Minister of Justice and Attorney General of Canada announces judicial appointments in the province of Ontario
June 6, 2022 – Ottawa, Ontario – Department of Justice Canada
The Honourable David Lametti, Minister of Justice and Attorney General of Canada, today announced the following appointments under the judicial application process established in 2016. This process emphasizes transparency, merit, and the diversity of the Canadian population, and will continue to ensure the appointment of jurists who meet the highest standards of excellence and integrity.
Lia M. Bramwell, Assistant Crown Attorney at the Ministry of the Attorney General of Ontario in Ottawa, is appointed a Judge of the Superior Court of Justice of Ontario in Cornwall. Justice Bramwell replaces Justice R.T. Leroy (Cornwall), who elected to become a supernumerary judge effective July 9, 2021.
Julie Bergeron, a sole practitioner in Hawkesbury, is appointed a Judge of the Superior Court of Justice of Ontario in Cornwall. Justice Bergeron replaces Justice G.W.Tranmer (Kingston), who elected to become a supernumerary judge effective March 28, 2022. The Chief Justice has transferred Justice L. Lacelle (Cornwall) into this vacancy. The vacancy is therefore located in Cornwall.
Jaye Hooper, Partner at Hooper Litigation in Ottawa, is appointed a Judge of the Superior Court of Justice of Ontario in Pembroke. Justice Hooper replaces Justice M. James (Pembroke), who elected to become a supernumerary judge effective February 13, 2022.
Ian M. Carter, Partner at Bayne Sellar Ertel Carter in Ottawa, is appointed a Judge of the Superior Court of Justice of Ontario in Ottawa. Justice Carter replaces Justice S.J. Kershman (Ottawa), who elected to become a supernumerary judge effective January 31, 2022.
Sharon E. Hassan, Managing Partner at Hassan Law in London, is appointed a Judge of the Superior Court of Justice of Ontario, Family Court branch, in London. Justice Hassan replaces Justice V. Mitrow (London), who elected to become a supernumerary judge effective February 1, 2022.
“I wish Justices Bramwell, Bergeron, Hooper, Carter and Hassan every success as they take on their new roles. I am confident they will serve the people of Ontario well as members of the Superior Court of Justice of Ontario.”
–The Hon. David Lametti, Minister of Justice and Attorney General of Canada
Justice Lia M. Bramwell grew up in the St. Thomas area and attended Central Elgin Collegiate Institute. She graduated with a B.A. (Hons.) from McMaster University in 1993 and an LL.B. from the University of Windsor in 1997. She was called to the Ontario Bar in 1999.
Justice Bramwell worked throughout high school, university and law school in various settings with people with physical and developmental disabilities. She practised civil litigation in Toronto before becoming an assistant Crown attorney, first in Toronto and then in Ottawa. For over 20 years, she prosecuted criminal cases in the Ontario Court of Justice and the Ontario Superior Court of Justice. She frequently contributed to legal education for Crown attorneys, police, defence counsel, law students and high school students. She was a member of the Ottawa committee of the Ontario Justice Education Network.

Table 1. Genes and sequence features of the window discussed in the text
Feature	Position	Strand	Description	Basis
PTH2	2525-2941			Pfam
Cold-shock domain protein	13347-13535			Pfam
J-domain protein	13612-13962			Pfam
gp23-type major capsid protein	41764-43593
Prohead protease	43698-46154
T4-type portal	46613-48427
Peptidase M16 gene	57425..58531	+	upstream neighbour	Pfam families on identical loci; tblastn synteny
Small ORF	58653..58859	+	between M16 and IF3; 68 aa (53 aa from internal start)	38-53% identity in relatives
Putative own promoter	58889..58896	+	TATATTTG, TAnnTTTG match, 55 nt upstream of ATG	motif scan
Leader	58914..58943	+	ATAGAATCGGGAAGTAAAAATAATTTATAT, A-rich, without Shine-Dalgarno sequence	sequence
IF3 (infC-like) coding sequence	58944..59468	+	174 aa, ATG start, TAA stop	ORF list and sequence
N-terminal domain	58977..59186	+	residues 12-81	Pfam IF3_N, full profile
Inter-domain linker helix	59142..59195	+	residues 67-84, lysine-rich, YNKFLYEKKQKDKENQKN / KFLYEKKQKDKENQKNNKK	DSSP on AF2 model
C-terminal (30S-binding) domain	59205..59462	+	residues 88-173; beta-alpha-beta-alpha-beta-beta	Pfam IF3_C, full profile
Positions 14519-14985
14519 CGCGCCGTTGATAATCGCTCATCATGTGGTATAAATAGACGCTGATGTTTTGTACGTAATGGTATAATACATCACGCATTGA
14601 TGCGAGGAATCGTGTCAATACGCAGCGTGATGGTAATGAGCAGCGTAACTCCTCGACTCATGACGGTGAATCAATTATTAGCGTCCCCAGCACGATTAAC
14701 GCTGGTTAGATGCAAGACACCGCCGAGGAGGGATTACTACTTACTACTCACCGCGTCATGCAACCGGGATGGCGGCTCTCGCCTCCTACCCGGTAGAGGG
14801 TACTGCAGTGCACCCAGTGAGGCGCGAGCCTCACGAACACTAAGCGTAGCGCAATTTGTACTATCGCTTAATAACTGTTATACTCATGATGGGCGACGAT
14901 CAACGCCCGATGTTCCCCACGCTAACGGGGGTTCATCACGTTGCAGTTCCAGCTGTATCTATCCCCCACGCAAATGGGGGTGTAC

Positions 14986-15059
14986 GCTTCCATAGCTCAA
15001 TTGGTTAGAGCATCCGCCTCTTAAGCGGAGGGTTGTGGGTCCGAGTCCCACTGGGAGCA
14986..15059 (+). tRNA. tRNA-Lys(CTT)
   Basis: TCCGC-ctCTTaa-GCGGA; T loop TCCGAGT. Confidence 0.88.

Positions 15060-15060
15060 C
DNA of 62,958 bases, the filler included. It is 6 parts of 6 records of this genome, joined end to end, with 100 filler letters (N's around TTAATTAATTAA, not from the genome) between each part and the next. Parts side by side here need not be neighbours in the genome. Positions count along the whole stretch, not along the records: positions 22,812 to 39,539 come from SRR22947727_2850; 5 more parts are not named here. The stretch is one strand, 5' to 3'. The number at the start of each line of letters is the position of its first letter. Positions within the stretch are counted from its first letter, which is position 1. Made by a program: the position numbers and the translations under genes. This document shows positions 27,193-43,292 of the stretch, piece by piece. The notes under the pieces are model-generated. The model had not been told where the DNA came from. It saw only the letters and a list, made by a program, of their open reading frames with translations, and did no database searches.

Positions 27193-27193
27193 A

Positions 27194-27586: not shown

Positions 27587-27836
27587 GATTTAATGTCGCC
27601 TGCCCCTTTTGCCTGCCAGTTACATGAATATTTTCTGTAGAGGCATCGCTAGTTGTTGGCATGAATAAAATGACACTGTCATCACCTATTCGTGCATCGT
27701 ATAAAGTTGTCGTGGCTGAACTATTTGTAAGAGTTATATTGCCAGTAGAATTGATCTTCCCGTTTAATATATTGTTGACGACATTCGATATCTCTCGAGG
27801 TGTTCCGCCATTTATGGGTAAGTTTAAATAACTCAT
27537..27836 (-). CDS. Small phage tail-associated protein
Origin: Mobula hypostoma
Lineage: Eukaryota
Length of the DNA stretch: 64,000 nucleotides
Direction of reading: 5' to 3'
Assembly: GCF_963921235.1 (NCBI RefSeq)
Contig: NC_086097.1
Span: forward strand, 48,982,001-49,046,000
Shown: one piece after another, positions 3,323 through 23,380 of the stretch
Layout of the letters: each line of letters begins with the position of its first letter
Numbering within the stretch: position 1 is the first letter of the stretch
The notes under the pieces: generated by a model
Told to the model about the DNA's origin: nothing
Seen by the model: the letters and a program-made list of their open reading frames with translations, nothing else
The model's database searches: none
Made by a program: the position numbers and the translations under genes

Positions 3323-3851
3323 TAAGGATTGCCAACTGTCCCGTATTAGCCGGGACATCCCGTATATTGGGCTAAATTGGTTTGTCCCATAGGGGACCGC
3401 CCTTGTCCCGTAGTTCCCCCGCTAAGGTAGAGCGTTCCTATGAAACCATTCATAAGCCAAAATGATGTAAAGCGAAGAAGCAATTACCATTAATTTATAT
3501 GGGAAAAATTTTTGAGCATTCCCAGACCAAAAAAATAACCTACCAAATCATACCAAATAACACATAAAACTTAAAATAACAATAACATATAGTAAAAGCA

Justice Bramwell was a mentor in the Ontario Ministry of the Attorney General’s Crown Mentorship Program and the University of Ottawa’s Courthouse Mentorship Program. She was a member of the Ontario Crown Attorneys’ Association Committee for Diversity and Inclusion and a board member of Immigrant Women Services of Ottawa. She also volunteered with the Community Harvest Program for the Ottawa Food Bank.
In her free time, Justice Bramwell enjoys spending time with her two children and her partner, travelling and spending time in the beautiful outdoors of Ottawa and the surrounding area.
Justice Julie Bergeron was called to the Bar of Ontario in 2000. She started her own law firm under the name of L’Étude légale Julie Bergeron in her home town of Hawkesbury. Her law practice focused primarily on the areas of family law and real estate law. During her career, she also acted as an agent for the Family Responsibility Office, the Ministry of Natural Resources, the Ministry of Transportation, the Office of the Children’s Lawyer, and the Ministry of Agriculture, Food and Rural Affairs. She also acted in municipal and criminal law matters and represented the interests of municipalities in Ontario. Since 2019, she has served as a deputy judge in Small Claims Court.
In her practice, Justice Bergeron argued cases in English and in French in trial courts, the Divisional Court and the Ontario Court of Appeal. She received the Heidi Levenson Polowin Award in 2018 and was named a special patron of the Children’s Treatment Centre in Cornwall.
Justice Bergeron has also been involved in her community. She was a member of the Prescott and Russell Superior Court of Justice Liaison Committee, a member of the board of directors of the Centre York Centre, a supervised access centre, and a member of the ad hoc committee on family law of the Association des juristes d’expression française de l’Ontario.
Justice Jaye Hooper was born and raised in Windsor, Ontario. After completing her undergraduate degree in International Relations, she obtained her Bachelor of Laws from the University of Windsor. Throughout her time at Windsor Law, she was involved with Community Legal Aid, becoming its Director of Finance in her final year. She was called to the Bar of Ontario in 2001.
Justice Hooper spent most of her career at a boutique Ottawa litigation firm before starting her own firm, Hooper Litigation, in 2015. She has represented both plaintiffs and defendants across a broad spectrum of litigation matters, including personal injury, employment, professional negligence, commercial, and construction law. She has acted as trial and appellate counsel at the Ontario Superior Court of Justice, the Ontario Court of Appeal, and the Supreme Court of Canada.